Humans have this innate nature to become temporary savants after a momentous event occurs in their lives, remembering minute details of the day associated with said event.
On the afternoon of 9/11, I came home to the smell of faint smoke in the air that drifted east from Lower Manhattan to Long Island.
The day after Hurricane Katrina hit New Orleans, I stood in a cracked driveway in late August and told my friend what had happened after he arrived home from a trip abroad.
I knew what happened at 11 p.m. on November 4, 2008 even though I wasn’t in front of a television screen, because the screams from the Barack Obama supporters at Donovan’s Pub ripped through the cold air and echoed to the Birch Complex parking lot, where I was walking after picking up Slices wings.
When I was told quite seriously by a fellow Colgate student that she hated Armenians, including myself, I was sitting cross-legged in a circle with my FSEM at Orientation.
The date was Thursday, August 24, 2006, it was around 5 p.m., the grass was emerald green, the sky was North Carolina blue and I didn’t even know her name.
To give a little more background about the incident, my FSEM was playing mundane get-to-know-you games made tolerable because our amicable Link was giving us candy.
One of these games mandated us to pick a jolly rancher out of a bag, and then answer a question associated with a specific color. So, for example, picking a green jolly rancher meant that you had to tell your new friends how many pets you have. I picked that green jolly rancher, and being petless and unable to answer that question, my Link then asked what my nickname was. Not having a nickname, I was up a creek without a paddle. It was then decided that the group’s weekend goal would be to give me a nickname. Splendid.
Around a half hour later, one student then asked what my middle name was, in hopes that maybe he could work with that.
“Kevork,” I replied. “It’s Armenian for George.”
Though I am extremely proud of my heritage, telling people my middle name always starts the same conversation and is a natural attention-grabber, so I figured I might regret this.
“Oh, you’re Armenian?” one girl asked, to which I quickly responded yes. “No offense, but I kind of hate them.”
Sweet. I’m making friends already. I then take the opportunity to advance our intellectual conversation by politely asking what her issue was with my nationality.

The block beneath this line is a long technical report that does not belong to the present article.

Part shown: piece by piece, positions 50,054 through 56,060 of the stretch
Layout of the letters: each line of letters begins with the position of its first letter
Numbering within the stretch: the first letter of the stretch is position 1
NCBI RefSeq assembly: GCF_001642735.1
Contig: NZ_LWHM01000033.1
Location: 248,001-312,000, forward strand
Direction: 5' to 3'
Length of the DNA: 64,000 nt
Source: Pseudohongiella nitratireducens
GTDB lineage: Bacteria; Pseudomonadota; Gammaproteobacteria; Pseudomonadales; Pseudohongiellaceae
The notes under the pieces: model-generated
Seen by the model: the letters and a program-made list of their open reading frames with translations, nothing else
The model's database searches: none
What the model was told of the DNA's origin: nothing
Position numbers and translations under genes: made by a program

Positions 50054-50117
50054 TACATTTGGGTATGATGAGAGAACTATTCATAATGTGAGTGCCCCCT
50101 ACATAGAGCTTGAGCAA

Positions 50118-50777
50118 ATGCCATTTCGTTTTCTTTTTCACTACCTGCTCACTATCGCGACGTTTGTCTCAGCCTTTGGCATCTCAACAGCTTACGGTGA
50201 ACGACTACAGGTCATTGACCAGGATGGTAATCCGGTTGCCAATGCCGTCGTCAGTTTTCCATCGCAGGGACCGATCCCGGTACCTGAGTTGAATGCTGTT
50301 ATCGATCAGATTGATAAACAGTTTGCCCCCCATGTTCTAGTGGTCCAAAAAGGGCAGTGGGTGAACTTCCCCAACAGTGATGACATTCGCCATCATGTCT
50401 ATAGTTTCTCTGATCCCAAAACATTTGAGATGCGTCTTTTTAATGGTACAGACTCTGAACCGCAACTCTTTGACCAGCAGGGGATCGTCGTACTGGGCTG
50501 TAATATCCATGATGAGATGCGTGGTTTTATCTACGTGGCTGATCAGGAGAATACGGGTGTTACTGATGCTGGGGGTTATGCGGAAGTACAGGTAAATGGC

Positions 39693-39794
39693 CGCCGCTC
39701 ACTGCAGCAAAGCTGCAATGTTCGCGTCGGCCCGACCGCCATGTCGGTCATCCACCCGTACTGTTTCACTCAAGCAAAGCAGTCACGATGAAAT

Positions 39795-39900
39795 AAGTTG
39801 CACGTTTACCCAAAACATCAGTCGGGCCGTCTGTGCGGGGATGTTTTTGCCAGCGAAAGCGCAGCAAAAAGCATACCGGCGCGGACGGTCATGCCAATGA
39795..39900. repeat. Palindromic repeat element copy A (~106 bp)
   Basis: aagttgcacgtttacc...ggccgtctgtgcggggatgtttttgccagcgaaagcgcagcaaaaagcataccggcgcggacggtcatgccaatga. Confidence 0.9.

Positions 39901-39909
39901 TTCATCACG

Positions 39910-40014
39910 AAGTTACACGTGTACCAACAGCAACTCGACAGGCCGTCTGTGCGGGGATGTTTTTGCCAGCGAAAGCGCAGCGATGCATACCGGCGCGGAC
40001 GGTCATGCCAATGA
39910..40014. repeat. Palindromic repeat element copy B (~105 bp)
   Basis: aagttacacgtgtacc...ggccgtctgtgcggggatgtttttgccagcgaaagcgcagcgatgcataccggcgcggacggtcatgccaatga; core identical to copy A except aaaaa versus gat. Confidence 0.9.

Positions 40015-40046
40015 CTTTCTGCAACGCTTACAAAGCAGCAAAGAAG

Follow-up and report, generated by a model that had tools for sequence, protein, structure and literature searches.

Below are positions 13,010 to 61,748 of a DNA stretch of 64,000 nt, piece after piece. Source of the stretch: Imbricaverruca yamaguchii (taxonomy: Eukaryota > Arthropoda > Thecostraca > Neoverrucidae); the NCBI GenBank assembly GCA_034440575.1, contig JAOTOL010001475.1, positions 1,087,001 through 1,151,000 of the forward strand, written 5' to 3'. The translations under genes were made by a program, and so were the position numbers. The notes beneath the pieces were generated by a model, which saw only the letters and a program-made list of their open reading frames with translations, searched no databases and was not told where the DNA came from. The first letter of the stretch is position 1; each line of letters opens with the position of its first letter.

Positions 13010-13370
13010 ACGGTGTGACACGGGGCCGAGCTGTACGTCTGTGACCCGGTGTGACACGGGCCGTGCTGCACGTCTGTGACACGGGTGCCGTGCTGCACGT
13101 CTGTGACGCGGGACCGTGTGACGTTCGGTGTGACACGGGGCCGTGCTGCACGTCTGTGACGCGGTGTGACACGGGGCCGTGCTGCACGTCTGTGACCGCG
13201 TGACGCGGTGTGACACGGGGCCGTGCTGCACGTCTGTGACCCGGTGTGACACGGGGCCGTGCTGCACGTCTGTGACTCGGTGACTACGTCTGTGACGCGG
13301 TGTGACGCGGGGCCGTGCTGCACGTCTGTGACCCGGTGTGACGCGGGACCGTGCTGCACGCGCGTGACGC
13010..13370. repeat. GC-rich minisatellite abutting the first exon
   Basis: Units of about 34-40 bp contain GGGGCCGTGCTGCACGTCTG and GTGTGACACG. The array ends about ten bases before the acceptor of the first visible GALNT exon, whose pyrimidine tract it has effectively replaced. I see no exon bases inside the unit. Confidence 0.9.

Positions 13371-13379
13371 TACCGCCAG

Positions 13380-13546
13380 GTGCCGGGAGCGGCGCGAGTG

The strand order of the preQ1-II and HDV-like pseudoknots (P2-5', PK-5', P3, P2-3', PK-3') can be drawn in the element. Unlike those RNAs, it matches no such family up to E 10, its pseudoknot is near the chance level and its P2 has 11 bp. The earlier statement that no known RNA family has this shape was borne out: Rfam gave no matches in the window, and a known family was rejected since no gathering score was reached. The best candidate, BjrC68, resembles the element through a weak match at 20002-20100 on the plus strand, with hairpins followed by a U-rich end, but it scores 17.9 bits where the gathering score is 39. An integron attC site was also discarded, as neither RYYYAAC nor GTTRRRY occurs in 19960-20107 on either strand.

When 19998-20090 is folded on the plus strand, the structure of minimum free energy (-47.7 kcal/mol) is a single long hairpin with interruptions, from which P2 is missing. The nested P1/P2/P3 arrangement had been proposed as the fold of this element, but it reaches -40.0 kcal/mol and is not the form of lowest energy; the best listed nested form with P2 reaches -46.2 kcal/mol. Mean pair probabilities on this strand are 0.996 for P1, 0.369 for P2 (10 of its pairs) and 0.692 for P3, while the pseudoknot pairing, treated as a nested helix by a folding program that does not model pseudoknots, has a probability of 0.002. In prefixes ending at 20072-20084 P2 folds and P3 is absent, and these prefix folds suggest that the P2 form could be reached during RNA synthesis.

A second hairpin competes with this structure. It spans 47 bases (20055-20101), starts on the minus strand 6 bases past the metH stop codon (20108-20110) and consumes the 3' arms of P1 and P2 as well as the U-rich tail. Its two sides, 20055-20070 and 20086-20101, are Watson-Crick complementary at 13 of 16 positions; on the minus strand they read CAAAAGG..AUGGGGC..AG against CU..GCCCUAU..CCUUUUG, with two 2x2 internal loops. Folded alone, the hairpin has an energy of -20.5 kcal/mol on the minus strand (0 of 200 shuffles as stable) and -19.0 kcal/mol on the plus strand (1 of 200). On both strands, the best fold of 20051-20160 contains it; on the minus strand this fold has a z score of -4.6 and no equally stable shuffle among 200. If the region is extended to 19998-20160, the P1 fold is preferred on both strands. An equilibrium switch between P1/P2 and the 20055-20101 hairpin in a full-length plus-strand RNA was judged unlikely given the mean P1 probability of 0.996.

“There are a lot of them where I come from. They just drive their BMW’s around all the time and blast music, and they’re really loud and rude.”
What’s funny, or maybe really sad, is that I was pretty apathetic that someone would have the gall to tell me that.
Four years prior to my time at Colgate, I attended a Catholic pre k-8 school in Long Island, where it was about as likely to find an Armenian as it was for a Satanist to be teaching religion classes.
I attended the school for four years, and much of that time was spent merely defending myself. Many memories, from taking a kid’s sneaker and beating him with it, to fighting off ten kids on the playground at once, to being called “Osama” after 9/11, to fighting people on the bus every day, stick with me. Once in a blue moon these tidal waves of memories flood back to me, and then I just shake my head and move on.
That’s what I did after the student told me her justification for hating Armenians; I just shook my head and moved on. Nothing else to do, really.
As I look back though on these experiences, what may bother me most are not the particular actions taken by fellow students at my middle school, or the words told to me during Orientation. It’s the fact that people decided to make a judgment of who I am as a person based on my nationality.
The problems I dealt with, though, are emblematic of a larger societal issue. We live in a cruelly judgmental society, where many people make snap decisions of others based off race, social associations, nationality, looks, you name it. I’m not going to sit here and tell you that I’m perfect, because I’m very far from it, and I’m not going to sit here and tell you that judgmental thoughts don’t cross my mind occasionally. But when you are on the flipside of a judgment for as long as I was, however, you begin to realize how awful the act actually is. Anyone who says they haven’t been on the wrong end of such an act and then felt like complete crap afterwards, no matter their social status, is a liar.
The danger of associating people with stereotypes is inherent and natural, but if you put aside the ridiculous notions, you realize that individuals are inherently deeper than any sort of socially constructed image or stereotype on the surface.
The fraternity brother isn’t a dense, alcoholic asshole; the sorority sister isn’t a backstabbing and conniving upper-class bitch; an African-American who lives in HRC and sits in a particular section of Frank isn’t doing so to “self-segregate” him or herself from Colgate; the football player isn’t a moron; the feminist isn’t a freak; the East Hall first-year that decides not to drink isn’t a tool.
Am I too much of an optimist? Maybe. What I do know is based on what I’ve experienced. Individuals are inherently more profound than the images they present, and have a lot more to say that what one sees on the surface.
To base a judgment of someone on certain aspects of that person, or even worse ridicule them to death based upon those judgments, is a lot worse than one might think. Every single person deserves his or her respect.